In a perfect world you enter into agreements, and everyone receives a benefit, both are happy with the outcome, and there are no disputes. However, on occasion agreements and contracts do not go as planned. Whether the contract is verbal or written the terms of a contract may not be fulfilled for some reason, or the contract may be misinterpreted by someone. When this happens, there is a breach of contract. For example, if you enter into an agreement to purchase a product for a price, but the product is never shipped, or shipped late, and your business does not receive its inventory in time the contract may have been breached by the selling party. Or in another circumstance you enter into an agreement to repair equipment, but the repair person is late to the repair appointment, or does not repair the equipment appropriately. As a business owner you may be asking yourself, should you still pay the full price for a late delivery, or failure to fix your equipment timely. Or maybe your production or sales were hurt due to the delay or failure to ship your order or repair your equipment.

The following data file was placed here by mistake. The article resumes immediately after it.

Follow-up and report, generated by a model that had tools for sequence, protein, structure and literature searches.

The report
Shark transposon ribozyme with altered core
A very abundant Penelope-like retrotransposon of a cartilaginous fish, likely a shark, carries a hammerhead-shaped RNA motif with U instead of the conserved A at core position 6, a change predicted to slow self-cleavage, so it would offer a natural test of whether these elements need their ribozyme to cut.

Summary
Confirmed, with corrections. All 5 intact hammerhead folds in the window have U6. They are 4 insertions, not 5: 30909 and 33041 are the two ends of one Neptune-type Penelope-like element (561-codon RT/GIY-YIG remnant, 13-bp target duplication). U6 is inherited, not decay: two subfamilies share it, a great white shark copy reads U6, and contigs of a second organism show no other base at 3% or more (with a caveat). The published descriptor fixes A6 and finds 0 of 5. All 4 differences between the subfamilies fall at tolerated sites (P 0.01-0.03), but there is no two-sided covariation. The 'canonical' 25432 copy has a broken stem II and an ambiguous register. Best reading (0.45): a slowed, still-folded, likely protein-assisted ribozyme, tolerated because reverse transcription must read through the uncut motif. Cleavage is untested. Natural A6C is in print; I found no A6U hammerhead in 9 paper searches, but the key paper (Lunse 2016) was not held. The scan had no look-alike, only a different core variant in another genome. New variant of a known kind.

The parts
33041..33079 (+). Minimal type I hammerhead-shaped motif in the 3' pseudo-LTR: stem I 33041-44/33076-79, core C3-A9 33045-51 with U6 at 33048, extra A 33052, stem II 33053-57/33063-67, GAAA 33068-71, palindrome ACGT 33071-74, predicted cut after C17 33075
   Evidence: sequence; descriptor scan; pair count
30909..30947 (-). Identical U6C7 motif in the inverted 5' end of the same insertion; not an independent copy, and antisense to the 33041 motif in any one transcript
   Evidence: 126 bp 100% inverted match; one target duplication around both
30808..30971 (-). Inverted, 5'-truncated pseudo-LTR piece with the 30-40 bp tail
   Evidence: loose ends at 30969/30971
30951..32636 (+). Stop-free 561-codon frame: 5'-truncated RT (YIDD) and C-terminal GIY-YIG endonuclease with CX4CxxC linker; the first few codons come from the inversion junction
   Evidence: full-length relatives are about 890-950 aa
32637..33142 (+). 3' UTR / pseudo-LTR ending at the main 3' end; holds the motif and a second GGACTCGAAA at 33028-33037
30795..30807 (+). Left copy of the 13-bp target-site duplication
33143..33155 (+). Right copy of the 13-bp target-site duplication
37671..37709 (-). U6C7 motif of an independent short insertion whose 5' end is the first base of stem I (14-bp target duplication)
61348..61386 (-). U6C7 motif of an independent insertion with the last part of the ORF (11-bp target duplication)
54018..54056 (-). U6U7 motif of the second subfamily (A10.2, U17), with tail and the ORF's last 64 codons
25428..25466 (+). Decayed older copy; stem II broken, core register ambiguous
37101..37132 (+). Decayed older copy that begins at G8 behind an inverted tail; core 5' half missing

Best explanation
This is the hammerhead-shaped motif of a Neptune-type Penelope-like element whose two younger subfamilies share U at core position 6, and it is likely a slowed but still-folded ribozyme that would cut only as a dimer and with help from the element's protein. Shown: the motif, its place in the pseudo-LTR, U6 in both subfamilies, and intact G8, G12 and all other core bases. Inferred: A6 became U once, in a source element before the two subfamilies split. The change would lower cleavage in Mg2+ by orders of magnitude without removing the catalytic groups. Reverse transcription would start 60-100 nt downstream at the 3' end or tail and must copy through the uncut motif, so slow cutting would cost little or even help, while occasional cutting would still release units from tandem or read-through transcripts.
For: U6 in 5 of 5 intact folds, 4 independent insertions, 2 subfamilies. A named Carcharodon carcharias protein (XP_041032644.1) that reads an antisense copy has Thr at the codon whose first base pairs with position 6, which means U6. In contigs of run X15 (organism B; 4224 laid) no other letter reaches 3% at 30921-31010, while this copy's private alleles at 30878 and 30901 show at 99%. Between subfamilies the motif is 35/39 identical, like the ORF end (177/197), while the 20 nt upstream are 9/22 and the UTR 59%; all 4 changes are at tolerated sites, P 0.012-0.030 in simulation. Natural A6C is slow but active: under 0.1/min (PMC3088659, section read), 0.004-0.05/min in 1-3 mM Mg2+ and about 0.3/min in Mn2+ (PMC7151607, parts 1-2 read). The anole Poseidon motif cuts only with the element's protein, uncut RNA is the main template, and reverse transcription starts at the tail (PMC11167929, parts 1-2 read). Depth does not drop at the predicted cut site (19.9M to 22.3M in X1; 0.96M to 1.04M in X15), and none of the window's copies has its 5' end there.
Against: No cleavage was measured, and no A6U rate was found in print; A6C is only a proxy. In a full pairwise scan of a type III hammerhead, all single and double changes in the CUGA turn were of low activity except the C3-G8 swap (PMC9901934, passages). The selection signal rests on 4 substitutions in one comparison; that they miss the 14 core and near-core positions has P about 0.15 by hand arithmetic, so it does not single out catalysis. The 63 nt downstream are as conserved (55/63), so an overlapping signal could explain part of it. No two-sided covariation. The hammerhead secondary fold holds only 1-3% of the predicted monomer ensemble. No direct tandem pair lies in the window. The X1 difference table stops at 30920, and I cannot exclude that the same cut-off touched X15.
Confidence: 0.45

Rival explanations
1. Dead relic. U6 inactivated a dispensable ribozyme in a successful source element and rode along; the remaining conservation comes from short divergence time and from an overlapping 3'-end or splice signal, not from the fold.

When something goes awry with a contract or agreement, and a party fails to fulfill his or her end of the contract, a “breach” of contract occurs. In breach of contract situations, the first step is to determine that a breach occurred and who caused the breach. The second step is to determine the appropriate “remedy.” A remedy seeks to make the non-breaching party whole again. Usually the remedy is monetary in nature, but on occasion the remedy is specific performance (making the breaching party perform per the agreement). When the remedy to a breach of contract is monetary, the next step is to determine what financial damage was caused due to the nonperformance of the contract, in whole or in part.
If you find yourself in a contract dispute, or your business has been damaged due to another’s failure to properly perform a contract or agreement, at Schmeltzer & Bostic, we can assist you in determining your rights under the contract, a proper remedy, and whether to negotiate a settlement or seek court intervention.